Wanderlust Never Smelled So Sweet

08 Jun 2006
June 8, 2006
1950s Stewardesses Wish Me Bon Voyage

With little provocation, The Wanderlust wisks me away to polluted but exotic places.

As I walked out of my office building the other day I was suddenly hit by a faintly sweet and very nostalgic odor. What was that? Instantly I was transported to a mild and endearing part of my childhood. I stopped and tried to retrieve the memory of that smell.

Just as suddenly I began to laugh. Of course! A hot and humid day, the air was a tinge of moist brown. It was smog, that ozone groundcover that reunited me with my past.

Growing up in the San Fernando Valley in the 1960s the narrow boundaries of my life were immersed in Southern California’s nasty air quality problem. I remember authorities informing this young asthmatic that pollution could actually improve respiratory problems like mine. Breathing bad air could miraculously make me immune to its effects. What were they thinking?

And what was I thinking now?

When the temperature hits 80°F (27°C) I am suddenly overcome with another disease: The Wanderlust. I am ready to move on, or in this case back to anywhere but where I am right now. The Wanderlust is a chronic and incurable disease, one I’ve had to live with all my life. And an attack can occur with just the slightest provocation: a whiff, a sound, or a news story –any trigger can bring on a Walter Mitty outbreak.

Abruptly I can be transported back to high school where I spent my summer days in residence at Playa del Rey, adjacent to LAX. The beach was a place to escape the Valley’s dirty air and my family’s dirty little secrets. I would spend my days lying on the sand, watching airplanes taking off for destinations unknown. At 17 I was ready to bolt my childhood. I would have given anything to be on one of those planes and I would have gone anywhere (even to Cleveland I remember thinking). The Midwest was exotic and inviting. Such are the ways this disease presents itself.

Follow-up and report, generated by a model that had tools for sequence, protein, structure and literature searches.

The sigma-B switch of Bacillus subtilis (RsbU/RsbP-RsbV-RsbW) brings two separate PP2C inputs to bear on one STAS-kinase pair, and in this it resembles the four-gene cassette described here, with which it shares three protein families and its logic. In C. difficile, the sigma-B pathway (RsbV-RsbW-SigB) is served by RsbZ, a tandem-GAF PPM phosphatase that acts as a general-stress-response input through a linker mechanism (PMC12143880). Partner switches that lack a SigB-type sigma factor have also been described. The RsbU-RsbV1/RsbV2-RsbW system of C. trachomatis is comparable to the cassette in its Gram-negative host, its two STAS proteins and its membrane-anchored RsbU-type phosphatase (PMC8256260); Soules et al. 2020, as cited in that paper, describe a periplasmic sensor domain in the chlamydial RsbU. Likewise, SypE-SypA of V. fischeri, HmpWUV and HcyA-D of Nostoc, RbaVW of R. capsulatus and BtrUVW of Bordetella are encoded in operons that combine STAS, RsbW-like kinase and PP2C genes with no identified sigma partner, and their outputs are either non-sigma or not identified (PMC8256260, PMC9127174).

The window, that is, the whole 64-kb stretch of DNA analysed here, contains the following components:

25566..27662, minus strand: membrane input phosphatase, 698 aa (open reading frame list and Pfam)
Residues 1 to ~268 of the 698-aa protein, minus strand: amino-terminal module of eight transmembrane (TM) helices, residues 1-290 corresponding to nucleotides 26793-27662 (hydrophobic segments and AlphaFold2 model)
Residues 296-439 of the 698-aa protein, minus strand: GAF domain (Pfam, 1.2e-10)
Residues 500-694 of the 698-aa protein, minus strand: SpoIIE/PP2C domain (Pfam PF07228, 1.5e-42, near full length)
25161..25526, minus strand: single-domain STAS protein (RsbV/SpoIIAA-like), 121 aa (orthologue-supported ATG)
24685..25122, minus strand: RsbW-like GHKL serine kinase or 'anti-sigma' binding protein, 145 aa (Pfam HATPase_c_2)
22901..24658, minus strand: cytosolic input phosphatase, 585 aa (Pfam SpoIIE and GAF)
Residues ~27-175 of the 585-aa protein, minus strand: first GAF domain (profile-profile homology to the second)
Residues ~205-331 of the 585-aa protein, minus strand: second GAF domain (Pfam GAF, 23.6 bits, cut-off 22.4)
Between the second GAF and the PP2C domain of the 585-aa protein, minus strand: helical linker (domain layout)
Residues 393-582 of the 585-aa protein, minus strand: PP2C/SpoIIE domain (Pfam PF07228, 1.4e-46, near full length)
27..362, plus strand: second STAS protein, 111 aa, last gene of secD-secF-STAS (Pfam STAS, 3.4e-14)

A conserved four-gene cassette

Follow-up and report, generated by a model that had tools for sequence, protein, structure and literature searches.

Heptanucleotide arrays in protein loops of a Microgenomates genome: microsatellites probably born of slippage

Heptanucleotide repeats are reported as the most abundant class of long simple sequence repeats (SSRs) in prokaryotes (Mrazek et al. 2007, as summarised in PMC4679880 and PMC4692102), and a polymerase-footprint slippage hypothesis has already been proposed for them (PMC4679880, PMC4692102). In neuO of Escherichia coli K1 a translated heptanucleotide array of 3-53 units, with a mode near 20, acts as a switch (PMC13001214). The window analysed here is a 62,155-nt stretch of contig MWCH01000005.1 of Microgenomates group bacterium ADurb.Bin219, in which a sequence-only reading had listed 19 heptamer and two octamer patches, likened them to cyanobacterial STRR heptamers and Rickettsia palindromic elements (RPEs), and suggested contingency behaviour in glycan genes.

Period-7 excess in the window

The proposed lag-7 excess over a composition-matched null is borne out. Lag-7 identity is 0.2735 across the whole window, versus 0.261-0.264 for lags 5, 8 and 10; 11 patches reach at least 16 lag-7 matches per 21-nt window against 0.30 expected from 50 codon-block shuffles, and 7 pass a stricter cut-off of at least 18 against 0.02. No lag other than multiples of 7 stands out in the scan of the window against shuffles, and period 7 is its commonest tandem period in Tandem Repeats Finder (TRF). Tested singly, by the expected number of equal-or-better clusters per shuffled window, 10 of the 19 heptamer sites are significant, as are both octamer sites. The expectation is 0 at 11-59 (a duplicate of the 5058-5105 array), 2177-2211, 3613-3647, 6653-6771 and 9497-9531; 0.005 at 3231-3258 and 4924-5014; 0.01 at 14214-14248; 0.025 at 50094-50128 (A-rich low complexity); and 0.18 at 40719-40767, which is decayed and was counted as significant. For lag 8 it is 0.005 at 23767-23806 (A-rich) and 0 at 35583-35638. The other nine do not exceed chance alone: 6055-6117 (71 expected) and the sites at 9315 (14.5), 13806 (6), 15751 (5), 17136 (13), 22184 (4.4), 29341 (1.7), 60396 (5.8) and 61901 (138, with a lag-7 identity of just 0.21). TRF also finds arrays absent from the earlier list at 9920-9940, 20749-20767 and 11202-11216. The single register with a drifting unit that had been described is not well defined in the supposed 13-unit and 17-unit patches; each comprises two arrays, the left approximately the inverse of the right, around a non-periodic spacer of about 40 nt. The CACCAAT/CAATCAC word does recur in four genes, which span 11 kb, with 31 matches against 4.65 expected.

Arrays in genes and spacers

A year later when I actually caught my flight out of town to “exotic” Detroit my new college buddies thought I was nuts to leave LA for the cold steppes of Michigan. But to any 18 year old, home, no matter where it is, is a place to get away from. I learned to live with my chronic malady. And this was my first treatment.

Today when the thermometer rises I find myself setting my Summer Song playlist to repeat. Summer in the City mixed with the pungent scent of street-level sewage immediately transports me to far off places. Lately I’ve been dreaming about catching the next flight to Guangzhou. To be suffering The Wanderlust means journeys like this are easy and can happen at any moment. No packing and no applying for vacation leave. You’re simply there.

The other morning as I read the paper about Monaco’s Prince Albert and his newly found(out) daughter, I wanted to be his son. It didn’t matter that he’s actually younger than me (physical laws are no match for this disease). And yesterday I briefly considered becoming Sergey Brin, billionaire of Google. These daily trips to the impossible only last a second, my brain’s version of a spur-of-the-moment weekend getaway. The Wanderlust is brought on by thoughts of something new and exciting. Pondering wealth and privilege always trumps getting ready for work when the temperature climbs.